• One must first attract attention in order to be able to convey a message
  • People are inherently curious and will often make great effort to pursue and learn about something that seems mysterious
  • People respond to things that are big, bright, and unusual
  • You learn the most when you have no idea what you are doing
  • Jobs that at first might seem boring often turn out to be quite interesting
  • If something works well it doesn’t really matter that it might be old
  • A Sperry antiaircraft searchlight is an outstanding conversation starter
  • Getting people to show up is half the battle
  • Don’t be shy. If you don’t engage people you have no hope of making a sale
  • In naming a company or service, it’s better to be simple and descriptive rather than clever and confusing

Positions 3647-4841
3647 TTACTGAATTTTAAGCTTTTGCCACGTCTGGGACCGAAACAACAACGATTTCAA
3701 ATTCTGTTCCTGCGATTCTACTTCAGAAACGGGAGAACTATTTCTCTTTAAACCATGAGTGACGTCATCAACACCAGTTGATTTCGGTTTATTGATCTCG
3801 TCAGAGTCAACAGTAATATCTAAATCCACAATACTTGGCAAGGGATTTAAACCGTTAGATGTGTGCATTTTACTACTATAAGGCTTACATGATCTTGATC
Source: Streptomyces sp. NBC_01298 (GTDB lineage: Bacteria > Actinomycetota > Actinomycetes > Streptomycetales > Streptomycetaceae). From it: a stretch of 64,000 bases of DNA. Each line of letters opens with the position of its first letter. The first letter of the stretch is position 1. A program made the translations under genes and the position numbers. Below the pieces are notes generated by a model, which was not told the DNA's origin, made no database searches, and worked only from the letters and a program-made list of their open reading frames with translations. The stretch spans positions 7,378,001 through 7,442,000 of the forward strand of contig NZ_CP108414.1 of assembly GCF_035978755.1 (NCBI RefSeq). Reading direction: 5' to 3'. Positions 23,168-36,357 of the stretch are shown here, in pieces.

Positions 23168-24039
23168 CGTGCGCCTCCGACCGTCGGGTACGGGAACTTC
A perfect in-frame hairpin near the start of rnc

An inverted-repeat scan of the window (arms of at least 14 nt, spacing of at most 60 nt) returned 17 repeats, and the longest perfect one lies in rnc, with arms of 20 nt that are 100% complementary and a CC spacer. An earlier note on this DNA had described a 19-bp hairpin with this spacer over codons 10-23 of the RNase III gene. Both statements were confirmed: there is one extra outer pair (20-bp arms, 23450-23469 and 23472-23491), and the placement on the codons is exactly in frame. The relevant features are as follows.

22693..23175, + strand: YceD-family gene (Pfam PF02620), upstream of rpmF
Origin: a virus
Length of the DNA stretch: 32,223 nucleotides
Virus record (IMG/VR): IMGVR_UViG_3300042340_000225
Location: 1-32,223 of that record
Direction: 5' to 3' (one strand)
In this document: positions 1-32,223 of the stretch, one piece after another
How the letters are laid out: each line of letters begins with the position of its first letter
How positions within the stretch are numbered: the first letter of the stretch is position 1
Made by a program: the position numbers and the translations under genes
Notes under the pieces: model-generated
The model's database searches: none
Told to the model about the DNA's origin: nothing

• If you don’t pay close attention to all the details, things will explode – Alexander Isley

Just reading a list of wisdom, even with pithy and fun anecdotes, doesn’t sink in. The knowledge just flows by and is not absorbed. Yet set within the context of his story and it does. See for yourself: click and read.

This isn’t new. Try getting through Mediations after reading Letters to a Stoic. Much of the knowledge inherent in Meditations is unavailable to anyone other than Marcus Aurelius. This is especially noticeable when contrasted with Seneca’s narrative style, even in the one-sided and partial form that remains.

It’s amazing how much more effective a narrative, even a short one, is at passing along a knowledge – a thought.

That’s Stonehenge.

Imagine the stories told against the backdrop of towering granite, a starry night, and a roaring bonfire…

We do not know the words spoken, yet they still resonate in our bones.

I wager this would be a good read: Graphic Content: True Stories from Top Creatives